In the words of Winnie the Pooh, there suddenly arose a “rumbly in my tumbly”.  My guts started talking to themselves.  I knew I had to get to the toilet fast, or surely there would be a disaster.  There were soldiers all over the place starting to rustle and make their final preparations for our FTX.  I asked all that were within sight if any of them could cover fire guard for me while I used the crapper.  Nobody would.  They were too busy getting ready.  I didn’t dare just go use the restroom.  What if I got caught by Drill Sergeant leaving my post?  I could only imagine what they would do to me for messing something up right before ‘go time’.  Guess I would just have to hold it until my shift was over.  This couldn’t be good!  I didn’t have time to take a crap!  I still need to do some packing, besides shaving and changing into my combat uniform before we leave!  

But my colon had other plans…I crapped myself.  Not just a few skid marks on the runway kind of crapping one’s self either.  But my insides were soon free of yesterday’s lunch, and obviously dinner.  In a short horrific moment, the total of all my fears had come true!  Luckily for me, the PT uniform we were required to wear during fire guard included some compression shorts which true to their reputation, held what needed to stay in, in until I was able to deal with it properly.  What was I going to do, run up to the CQ office and tell Drill Sergeant I had just shat myself?!  The showers weren’t turned on in the morning.  Think fast Private Taylor!  

The morning wakeup hasn’t sounded yet, but oh well.  Screw everyone who withheld their help when I needed them most!  I ran down the hall as fast as humanly possible.  I knew I couldn’t throw my PT uniform in the bathroom waste baskets.  They had already been emptied that night.  If I put them in there now, we’d get back from FTX in a week to find a stinky bathroom and a heavy, muddy PT uniform with my last name carefully written on it in black Sharpie.  Drill Sergeants love that stuff!  For some miraculous reason, I had a few garbage bags of my own in my locker.  I knew just what I’d do!  My battle buddy was out of our room for a minute, so I made quick use of the socks I had on and some baby wipes (baby wipes were our method of bathing while out on training exercises, as well as for soldiers who deploy to far out desert posts).  I then as tightly as possible triple bagged the offending garments and tied them up, and hid them under some other things in my locker and proceeded to get dressed the way lightning gets dressed every morning.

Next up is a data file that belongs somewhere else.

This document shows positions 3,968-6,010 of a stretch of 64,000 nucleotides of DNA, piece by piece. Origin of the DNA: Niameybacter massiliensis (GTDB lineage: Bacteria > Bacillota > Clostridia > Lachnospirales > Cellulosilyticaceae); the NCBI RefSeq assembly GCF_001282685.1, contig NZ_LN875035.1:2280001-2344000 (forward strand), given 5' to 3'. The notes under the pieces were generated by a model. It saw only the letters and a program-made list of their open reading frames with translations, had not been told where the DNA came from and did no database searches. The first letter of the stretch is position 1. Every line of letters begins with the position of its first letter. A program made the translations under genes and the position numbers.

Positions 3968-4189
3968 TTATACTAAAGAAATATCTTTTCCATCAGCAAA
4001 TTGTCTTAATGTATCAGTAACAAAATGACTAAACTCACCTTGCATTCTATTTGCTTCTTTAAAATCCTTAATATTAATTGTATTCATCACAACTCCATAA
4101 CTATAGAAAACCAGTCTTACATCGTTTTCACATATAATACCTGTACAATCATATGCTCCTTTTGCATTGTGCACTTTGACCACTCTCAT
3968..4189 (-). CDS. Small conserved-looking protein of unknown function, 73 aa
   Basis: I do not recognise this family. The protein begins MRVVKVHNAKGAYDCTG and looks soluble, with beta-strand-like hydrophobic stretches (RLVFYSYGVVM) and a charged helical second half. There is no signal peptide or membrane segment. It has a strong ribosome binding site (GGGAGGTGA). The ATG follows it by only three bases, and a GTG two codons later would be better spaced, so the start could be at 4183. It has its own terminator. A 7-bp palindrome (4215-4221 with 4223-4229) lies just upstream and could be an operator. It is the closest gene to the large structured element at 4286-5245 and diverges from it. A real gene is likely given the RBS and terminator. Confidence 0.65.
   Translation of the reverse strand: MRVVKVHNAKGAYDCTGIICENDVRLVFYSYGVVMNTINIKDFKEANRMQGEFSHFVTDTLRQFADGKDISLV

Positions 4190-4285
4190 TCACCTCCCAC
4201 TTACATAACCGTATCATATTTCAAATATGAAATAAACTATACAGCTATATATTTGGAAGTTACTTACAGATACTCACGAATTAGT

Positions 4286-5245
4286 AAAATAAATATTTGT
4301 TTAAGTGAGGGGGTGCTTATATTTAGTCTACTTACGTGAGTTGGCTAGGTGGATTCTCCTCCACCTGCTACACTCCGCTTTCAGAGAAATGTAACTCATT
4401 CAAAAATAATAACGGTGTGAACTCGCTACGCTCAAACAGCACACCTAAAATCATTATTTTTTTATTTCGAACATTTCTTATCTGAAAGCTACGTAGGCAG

As I scrambled to stuff the last handfuls of stuff into my rucksack, two of my DS’s showed up in my room and started marching around and yelling at me in an agitated way, speaking of how I better not make everybody late.  At this point, I don’t care.  I’m sweating like crazy, and functioning faster than reality.  Everything smelled like poop to me in that time.  Can they smell poop like they smell fear?  Because I don’t know which one smelt worse at that moment.  If they found my little hidden treasure, I was toast.  I closed my locker, strapped up, and ran out to formation as fast as an over-loaded weakling could.  It was my lucky day.  There were a few soldiers from other platoons that had everyone waiting longer than I had, so the worst screaming was saved for them.  I was on my way to a week of hell, but it didn’t matter because my secret was safe!  Before basic training was over, most of us had realized that basic training wasn’t as bad as we thought it was.  A worse period called AIT (Advanced Individual Training) that made basic training look fun was just a bus ride away. 

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Sacrificial Waffles and Muffin Top Building

Hey, you wanna hear something gross? It’s been a week since Christmas, and you know what I just found while doing some post-yuletide cleanup? Santa’s half-finished glass of milk hiding amongst the countertop nativity scene! Oh that’s nasty. Thankfully enough though, Jesus is all about forgiveness. So he didn’t really put up a big stink about it.